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ecutives and leaders who are authentic display good character, personal integrity, optimism, and a sense of direction. To develop fully and grow healthy, to transcend simple physical and psychological health, we suggest that executives must work and live with character and a deep sense of personal integrity (Gavin, Quick, Cooper, & Quick, 2003; J. C. Quick, Gavin, Cooper, & Quick, 2004). So what we are suggesting is that to reach for that spirit of personal integrity requires executive coaching through deep interpersonal communication. We find that in deep interpersonal communication a dialogue occurs in which executives are able to enhance their health and further approach greater authenticity. Furthermore, deep interpersonal communication is the key to building healthy, supportive, positive relationships in the workplace and is essential to working together (Macik-Frey, Quick, & Quick, in press). Wasylyshyn (2003b) showed us that executive coaching can focus on personal behavior change while enhancing leadership effectiveness and fostering stronger relationships, personal development, and/or work–family integration. As she well knows, some executive coaching reaches for a deeper level of clinical and therapeutic intervention. We are proposing a healthenhancing developmental model of coaching anchored in a process of deep interpersonal communication. This approach is neither a surface approach nor a therapeutic approach. It is an interpersonal approach focused on safe, secure communication in which difficult, complicated issues are addressed and crucial conversations occur (Patterson, Grenny, McMillan, & Switzler, 2002). Through this process, the executive is approached as a person, one who stands behind the executive mask or facade.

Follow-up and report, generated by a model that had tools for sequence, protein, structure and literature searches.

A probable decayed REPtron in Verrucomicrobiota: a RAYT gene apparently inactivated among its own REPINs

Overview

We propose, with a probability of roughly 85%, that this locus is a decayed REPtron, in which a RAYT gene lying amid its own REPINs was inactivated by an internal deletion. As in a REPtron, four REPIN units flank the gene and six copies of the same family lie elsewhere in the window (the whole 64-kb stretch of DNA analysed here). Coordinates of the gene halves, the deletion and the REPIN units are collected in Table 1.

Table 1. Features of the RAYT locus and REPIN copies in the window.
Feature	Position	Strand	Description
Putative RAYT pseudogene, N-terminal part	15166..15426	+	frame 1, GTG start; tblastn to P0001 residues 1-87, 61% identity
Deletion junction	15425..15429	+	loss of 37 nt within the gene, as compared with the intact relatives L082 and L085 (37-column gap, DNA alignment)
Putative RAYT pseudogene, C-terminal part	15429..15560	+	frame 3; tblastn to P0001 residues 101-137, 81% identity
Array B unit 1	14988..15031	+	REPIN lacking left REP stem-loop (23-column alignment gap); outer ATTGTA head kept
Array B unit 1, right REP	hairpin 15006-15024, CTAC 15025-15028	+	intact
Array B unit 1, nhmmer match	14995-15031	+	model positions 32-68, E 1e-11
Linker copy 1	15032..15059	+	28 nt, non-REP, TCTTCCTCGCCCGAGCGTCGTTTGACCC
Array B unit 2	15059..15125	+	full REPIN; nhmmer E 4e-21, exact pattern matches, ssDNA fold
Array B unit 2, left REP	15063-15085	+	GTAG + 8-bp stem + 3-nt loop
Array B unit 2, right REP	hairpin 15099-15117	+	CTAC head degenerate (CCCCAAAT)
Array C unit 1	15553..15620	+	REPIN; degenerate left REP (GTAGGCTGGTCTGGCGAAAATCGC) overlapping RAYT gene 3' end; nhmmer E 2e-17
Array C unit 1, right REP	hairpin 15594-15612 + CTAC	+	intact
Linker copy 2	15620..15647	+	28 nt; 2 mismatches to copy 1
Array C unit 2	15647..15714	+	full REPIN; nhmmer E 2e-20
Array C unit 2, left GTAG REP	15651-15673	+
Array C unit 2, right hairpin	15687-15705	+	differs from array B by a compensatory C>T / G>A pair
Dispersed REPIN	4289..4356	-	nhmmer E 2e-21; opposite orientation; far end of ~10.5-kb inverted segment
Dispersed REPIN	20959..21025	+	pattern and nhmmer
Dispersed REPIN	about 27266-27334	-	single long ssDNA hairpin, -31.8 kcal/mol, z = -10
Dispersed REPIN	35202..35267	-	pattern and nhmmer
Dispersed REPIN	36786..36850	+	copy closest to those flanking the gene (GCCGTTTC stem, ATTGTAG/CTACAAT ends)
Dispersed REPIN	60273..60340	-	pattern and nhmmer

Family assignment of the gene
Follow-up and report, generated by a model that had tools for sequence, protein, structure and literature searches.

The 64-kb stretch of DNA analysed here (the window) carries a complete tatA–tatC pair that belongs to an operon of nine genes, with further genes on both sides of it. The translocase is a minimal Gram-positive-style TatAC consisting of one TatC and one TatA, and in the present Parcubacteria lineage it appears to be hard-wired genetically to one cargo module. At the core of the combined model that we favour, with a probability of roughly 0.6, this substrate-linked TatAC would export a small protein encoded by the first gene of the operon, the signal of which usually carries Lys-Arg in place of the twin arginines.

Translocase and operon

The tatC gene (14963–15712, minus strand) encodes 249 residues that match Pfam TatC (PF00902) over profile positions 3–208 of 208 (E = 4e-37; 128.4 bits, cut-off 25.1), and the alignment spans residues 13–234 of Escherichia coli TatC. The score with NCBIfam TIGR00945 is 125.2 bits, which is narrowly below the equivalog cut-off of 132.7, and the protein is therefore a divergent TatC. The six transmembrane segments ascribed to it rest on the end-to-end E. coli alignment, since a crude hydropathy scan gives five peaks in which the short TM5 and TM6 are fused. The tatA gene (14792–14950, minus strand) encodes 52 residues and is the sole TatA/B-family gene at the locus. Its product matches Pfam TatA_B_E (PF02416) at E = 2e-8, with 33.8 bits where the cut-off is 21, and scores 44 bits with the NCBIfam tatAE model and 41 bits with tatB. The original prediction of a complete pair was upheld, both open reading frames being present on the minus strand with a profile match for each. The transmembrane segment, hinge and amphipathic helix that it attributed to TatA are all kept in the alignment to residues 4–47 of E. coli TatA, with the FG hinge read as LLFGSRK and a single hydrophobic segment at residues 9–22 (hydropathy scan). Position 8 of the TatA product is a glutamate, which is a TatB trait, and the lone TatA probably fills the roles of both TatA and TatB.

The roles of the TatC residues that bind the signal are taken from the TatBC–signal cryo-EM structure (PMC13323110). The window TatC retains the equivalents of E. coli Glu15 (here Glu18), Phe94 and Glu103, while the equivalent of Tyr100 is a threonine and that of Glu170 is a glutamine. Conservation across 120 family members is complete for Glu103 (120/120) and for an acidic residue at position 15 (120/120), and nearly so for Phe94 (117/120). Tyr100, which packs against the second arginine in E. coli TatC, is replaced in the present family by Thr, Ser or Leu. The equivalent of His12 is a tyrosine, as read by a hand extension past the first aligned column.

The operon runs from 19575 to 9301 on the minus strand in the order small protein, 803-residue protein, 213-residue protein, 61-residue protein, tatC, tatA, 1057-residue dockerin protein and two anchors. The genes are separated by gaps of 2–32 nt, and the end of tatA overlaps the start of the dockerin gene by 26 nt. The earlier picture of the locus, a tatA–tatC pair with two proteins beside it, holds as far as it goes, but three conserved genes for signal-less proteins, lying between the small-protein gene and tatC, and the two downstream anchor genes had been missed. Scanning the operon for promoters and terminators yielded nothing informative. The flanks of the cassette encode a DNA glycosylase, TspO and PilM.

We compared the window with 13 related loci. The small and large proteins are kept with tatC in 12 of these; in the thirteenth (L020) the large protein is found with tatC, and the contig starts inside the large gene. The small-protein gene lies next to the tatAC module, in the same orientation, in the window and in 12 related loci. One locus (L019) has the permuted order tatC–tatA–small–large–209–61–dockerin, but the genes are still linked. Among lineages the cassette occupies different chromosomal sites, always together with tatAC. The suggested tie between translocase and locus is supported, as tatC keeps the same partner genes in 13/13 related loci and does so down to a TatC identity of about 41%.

Executive Communication We propose a two-tiered model of executive communication. The outer tier is one